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West Central Reporter

Monday, January 20, 2020

ILLINOIS STATE SENATE DISTRICT 47: January 1 New Laws Edition, Part II

Politics

By Press release submission | Dec 25, 2019

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Illinois State Senate District 47 issued the following announcement on Dec. 20.

As people throughout Illinois prepare to ring in the New Year, the Senate Republican Caucus is continuing to highlight new laws that will take effect on January 1.

The new laws kicking off 2020 cover everything from protecting children under DCFS care to safeguarding individuals’ privacy and personal information.

New DCFS requirements seek to better protect children

The Department of Children and Family Services (DCFS) spent much of 2019 under scrutiny following its mishandling of the abuse of a five-year-old child, who was later beaten to death by his parents.

This tragic event, along with other mishandled issues inside the Department, led the General Assembly to take a more in-depth look into the agency and pass several new requirements to better protect the children under DCFS care.

Beginning January 1, DCFS will have to meet the following requirements:

House Bill 831/PA 101-0043: DCFS must notify the Department of Public Health and the Department of Healthcare and Family Services of all reports involving children alleged to have been abused or neglected while hospitalized.

House Bill 3587/PA 101-0155: DCFS must establish and maintain a toll-free number to respond to requests from the public about its post-placement and post-adoption support services.

Senate Bill 1743/PA 101-0166: DCFS must develop and conduct a standardized survey to gather feedback from children who are aging out or have transitioned out of the foster care system, and place a locked suggestion box in each group home and shelter.

House Bill 1551/PA 101-0237: DCFS must comply with several new guidelines when a child in its custody is returned to their parents or guardian.

Senate Bill 1239/ PA 101-0583: DCFS must report alleged abuse or neglect of a child by a person who is not the child’s parent, a member of the child’s immediate family, a person responsible for the child’s welfare, an individual residing in the same home of the child or a paramour of the child’s parent to the appropriate local enforcement agency.

Baby changing stations required in all public buildings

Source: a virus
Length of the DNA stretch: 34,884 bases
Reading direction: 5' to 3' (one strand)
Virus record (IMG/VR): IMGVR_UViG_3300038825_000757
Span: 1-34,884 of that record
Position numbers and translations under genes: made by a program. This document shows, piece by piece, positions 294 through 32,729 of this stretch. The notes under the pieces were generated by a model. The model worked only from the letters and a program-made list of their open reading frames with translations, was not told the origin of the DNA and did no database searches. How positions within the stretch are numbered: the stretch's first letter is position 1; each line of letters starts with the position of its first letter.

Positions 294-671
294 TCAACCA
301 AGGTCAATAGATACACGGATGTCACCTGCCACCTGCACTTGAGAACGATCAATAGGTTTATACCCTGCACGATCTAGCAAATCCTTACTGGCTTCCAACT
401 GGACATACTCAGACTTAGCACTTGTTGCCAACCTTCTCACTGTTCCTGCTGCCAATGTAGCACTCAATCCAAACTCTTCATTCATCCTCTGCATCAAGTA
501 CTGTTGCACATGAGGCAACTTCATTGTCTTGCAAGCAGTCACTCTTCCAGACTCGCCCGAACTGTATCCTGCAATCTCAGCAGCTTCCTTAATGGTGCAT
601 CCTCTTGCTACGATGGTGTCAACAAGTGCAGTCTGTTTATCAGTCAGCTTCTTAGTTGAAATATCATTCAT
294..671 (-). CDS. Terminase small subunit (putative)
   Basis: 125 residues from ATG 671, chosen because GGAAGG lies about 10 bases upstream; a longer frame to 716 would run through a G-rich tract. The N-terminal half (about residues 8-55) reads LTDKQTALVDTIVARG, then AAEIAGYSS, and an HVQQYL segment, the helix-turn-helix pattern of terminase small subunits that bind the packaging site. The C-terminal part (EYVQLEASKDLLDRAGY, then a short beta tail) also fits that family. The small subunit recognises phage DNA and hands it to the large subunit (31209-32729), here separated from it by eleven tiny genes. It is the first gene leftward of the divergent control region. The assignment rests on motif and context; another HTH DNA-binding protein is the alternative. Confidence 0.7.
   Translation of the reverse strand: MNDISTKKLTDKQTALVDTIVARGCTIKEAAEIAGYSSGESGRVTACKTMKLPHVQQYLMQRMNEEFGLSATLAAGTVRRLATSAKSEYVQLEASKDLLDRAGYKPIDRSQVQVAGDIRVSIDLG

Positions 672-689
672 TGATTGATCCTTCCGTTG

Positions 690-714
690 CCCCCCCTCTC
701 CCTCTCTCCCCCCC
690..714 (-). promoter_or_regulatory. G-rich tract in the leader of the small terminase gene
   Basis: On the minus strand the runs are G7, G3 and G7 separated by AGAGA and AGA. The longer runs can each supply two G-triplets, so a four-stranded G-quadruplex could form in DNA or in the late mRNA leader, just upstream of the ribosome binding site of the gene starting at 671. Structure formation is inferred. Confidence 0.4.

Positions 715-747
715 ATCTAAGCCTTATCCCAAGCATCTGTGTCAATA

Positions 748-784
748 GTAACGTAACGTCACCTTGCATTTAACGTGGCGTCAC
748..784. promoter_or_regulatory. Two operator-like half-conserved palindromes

Finding a location to change your little one’s diaper will be a lot easier for parents starting in 2020.

House Bill 3711 requires all public buildings with restrooms open to the public to have at least one baby diaper changing station accessible to both men and women.

Additionally, signs must be posted near the entrance indicating the location of the diaper changing station.

New laws protect pets

Laws protecting pets are among those that will take effect January 1.

House Bill 3390 requires pet boarding facilities that do not have 24/7 staffing to be equipped with a fire sprinkler system or a fire alarm monitoring system that triggers notification to local emergency responders. This new law is in response to a fire at a West Chicago kennel that killed several animals.

Also, at the start of the New Year, cat owners will be required to have their cats vaccinated for rabies. All cats four months or older, excluding feral cats, must receive a rabies vaccination and have a subsequent vaccination within a year of the first one occurring.

New laws ensure privacy, protect personal information

Protecting individuals’ personal information is the intent behind several new laws taking effect January 1.

House Bill 2189 prohibits direct-to-consumer commercial genetic testing companies from sharing any genetic test information or other personally identifiable information about a consumer with any health or life insurance company without written consent from the consumer.

Under Senate Bill 1624, data breaches impacting more than 500 Illinois residents as a result of a single breach must be reported in the most expedient time possible to the Attorney General.

House Bill 2408 prohibits a person from posting private compromising images of another person online. It also provides for a process for a person to obtain a “take-down” order to have the images removed.

Original source can be found here.

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